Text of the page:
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Friday, 8 July 2011

Media PR Mess Way Beyond Social Media


Well, I didn't have to wait long to see the longer term damage to News International's reputation (see last post) in the PR disaster that is the phone hacking scandal.

Brand Republic, the top marketing, advertising and media publication, reports this afternoon that Renault has said: "As a result of the seriousness of the continued allegations of phone hacking by News of the World, Renault is reviewing its media advertising plans, pending the formal investigations. We currently have no advertising planned in any News International press titles in the immediate future."

Brand Republic say "Renault spent £343,829 with the News of the World in the 12 months to the end of April 2011, according to Nielsen".

The statement follows News International's decision to close the News of the World after allegations it had hacked into the mobile phone of murdered schoolgirl, Milly Dowler.

Advertisers had already flocked to abandon the News of the World, but Brand Republic report one of those advertisers, Shop Direct, put an advertising boycott in place yesterday of all News International newspapers, pending the outcome of the investigation. That may become contagious as the story persists.

On the other side of the pond, the New York Times homes in on the legal troubles piling up for News International:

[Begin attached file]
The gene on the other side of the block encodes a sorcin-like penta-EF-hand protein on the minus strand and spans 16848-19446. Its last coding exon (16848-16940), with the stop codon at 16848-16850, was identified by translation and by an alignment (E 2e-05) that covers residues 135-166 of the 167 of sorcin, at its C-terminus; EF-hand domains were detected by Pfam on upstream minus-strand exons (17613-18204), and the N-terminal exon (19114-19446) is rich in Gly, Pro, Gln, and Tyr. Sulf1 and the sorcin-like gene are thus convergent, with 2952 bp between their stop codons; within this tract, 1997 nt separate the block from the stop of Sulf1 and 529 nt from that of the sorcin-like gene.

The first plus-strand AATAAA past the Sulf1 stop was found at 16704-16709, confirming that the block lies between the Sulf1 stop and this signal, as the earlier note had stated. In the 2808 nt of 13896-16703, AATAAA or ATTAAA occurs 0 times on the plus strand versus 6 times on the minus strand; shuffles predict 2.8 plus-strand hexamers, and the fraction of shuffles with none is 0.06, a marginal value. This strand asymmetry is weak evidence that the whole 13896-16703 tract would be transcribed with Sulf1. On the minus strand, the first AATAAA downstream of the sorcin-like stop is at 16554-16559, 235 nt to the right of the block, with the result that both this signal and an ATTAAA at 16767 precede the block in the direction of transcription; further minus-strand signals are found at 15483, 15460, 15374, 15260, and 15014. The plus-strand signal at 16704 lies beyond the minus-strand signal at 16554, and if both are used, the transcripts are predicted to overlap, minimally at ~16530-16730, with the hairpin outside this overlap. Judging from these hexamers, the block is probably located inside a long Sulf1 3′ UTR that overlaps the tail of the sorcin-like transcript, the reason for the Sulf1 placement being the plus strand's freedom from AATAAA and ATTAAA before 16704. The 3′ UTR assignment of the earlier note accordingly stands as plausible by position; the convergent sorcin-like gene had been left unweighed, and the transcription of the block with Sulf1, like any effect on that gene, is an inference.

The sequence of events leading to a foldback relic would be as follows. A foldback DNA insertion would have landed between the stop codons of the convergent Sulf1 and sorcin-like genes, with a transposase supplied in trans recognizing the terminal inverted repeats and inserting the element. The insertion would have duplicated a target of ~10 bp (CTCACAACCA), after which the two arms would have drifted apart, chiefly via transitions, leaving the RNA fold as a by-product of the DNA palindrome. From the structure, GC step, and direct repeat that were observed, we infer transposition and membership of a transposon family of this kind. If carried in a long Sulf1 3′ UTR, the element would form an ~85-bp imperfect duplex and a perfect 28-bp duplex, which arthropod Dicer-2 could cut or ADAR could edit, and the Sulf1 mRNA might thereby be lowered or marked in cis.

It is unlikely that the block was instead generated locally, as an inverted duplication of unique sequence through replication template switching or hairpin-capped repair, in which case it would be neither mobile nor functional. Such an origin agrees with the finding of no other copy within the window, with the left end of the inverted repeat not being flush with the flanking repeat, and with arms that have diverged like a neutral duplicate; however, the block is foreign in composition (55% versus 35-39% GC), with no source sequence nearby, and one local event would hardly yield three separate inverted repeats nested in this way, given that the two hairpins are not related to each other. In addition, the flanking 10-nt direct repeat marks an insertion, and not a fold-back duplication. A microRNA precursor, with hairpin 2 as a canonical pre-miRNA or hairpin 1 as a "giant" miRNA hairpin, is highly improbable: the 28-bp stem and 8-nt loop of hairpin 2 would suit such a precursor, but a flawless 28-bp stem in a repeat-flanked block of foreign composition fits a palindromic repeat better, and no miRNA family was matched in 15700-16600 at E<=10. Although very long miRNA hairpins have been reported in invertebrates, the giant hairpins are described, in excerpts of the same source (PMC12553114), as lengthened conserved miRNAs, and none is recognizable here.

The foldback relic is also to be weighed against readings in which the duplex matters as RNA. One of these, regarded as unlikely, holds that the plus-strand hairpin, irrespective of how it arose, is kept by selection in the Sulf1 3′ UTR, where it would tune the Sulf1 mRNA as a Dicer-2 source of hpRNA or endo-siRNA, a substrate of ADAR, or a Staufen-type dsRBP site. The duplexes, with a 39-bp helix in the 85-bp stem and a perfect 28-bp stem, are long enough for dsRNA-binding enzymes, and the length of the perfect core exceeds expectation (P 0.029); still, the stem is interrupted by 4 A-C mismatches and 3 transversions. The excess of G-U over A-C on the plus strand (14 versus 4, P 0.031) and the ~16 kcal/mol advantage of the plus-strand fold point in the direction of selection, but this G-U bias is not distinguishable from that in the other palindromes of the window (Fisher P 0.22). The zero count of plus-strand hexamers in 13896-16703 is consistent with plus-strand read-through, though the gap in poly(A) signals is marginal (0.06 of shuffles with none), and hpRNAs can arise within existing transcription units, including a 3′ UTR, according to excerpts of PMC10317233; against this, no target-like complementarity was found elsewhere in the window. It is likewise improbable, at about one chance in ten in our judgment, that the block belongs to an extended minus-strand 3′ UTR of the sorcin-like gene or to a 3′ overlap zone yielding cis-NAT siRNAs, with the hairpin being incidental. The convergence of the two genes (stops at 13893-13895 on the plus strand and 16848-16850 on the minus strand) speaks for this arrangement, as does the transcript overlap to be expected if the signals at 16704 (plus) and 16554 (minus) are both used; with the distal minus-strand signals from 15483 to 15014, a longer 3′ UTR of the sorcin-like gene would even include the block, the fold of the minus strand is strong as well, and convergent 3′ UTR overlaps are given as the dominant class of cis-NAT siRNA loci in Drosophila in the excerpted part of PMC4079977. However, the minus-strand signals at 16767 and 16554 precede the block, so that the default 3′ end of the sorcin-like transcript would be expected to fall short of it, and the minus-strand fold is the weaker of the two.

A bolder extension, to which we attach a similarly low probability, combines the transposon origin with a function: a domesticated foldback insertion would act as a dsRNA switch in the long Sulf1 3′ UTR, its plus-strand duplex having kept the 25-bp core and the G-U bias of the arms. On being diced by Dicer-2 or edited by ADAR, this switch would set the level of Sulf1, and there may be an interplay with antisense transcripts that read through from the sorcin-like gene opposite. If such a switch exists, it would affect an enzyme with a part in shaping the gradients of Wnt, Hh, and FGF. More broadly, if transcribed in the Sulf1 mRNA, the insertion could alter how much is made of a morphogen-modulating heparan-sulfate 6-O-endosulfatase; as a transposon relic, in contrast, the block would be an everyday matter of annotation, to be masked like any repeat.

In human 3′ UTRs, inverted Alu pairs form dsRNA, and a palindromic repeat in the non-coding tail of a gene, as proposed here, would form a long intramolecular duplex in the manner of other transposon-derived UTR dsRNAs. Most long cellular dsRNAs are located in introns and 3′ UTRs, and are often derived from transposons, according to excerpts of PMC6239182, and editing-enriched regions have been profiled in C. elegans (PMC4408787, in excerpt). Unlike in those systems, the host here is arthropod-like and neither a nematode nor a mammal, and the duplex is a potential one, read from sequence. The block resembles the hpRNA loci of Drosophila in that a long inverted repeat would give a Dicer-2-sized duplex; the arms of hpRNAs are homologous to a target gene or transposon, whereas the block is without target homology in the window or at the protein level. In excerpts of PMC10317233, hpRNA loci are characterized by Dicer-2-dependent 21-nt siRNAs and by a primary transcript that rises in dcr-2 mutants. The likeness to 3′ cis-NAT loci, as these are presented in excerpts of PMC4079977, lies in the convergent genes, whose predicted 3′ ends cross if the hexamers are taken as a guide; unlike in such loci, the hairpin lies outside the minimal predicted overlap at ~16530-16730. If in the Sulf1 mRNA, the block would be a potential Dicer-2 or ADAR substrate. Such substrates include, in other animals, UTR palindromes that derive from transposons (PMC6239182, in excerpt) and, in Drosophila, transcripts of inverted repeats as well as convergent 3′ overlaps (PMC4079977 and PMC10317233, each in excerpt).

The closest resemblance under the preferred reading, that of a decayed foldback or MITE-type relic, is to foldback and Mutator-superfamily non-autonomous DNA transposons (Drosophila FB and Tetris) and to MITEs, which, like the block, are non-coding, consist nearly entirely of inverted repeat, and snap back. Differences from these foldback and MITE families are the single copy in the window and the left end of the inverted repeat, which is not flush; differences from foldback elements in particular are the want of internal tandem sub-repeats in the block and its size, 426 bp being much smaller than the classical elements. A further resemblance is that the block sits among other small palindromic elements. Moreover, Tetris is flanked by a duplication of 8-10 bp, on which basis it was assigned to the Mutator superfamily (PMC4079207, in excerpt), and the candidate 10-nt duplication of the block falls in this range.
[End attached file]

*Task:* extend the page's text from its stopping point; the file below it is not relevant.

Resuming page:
"The company’s decision to close The News of the World will not end the scrutiny of the newspaper’s practices by the police, courts and Parliament and by a public panel of inquiry that Mr. Cameron has promised to appoint. Together, these investigations seem likely to make for an inquisition that could run for years, causing further erosion in the credibility of the Murdoch brand and costing News International millions of dollars in potential legal settlements."

Meanwhile the Financial Times reports that Oftcom is stepping up enquiries into News Corp's bid for BSkyB: a move that has seen around 7% slide off shares in the UK media group which now has lost more than 10% of its share value.

Hopefully, the families affected by the phone hacking now feel their plight is getting attention, although it must be stirring up a lot of emotions, making it hard to get on with the grieving process.

PR blog posted by Penny Haywood Calder at PHPR Ltd, Edinburgh, UK. URL: http://www.phpr.co.ukPHPR TV Channel on YouTube: http://www.youtube.com/user/PHPRtvPHPR Ltd on LinkedInFollow PennyHaywood on Twitter

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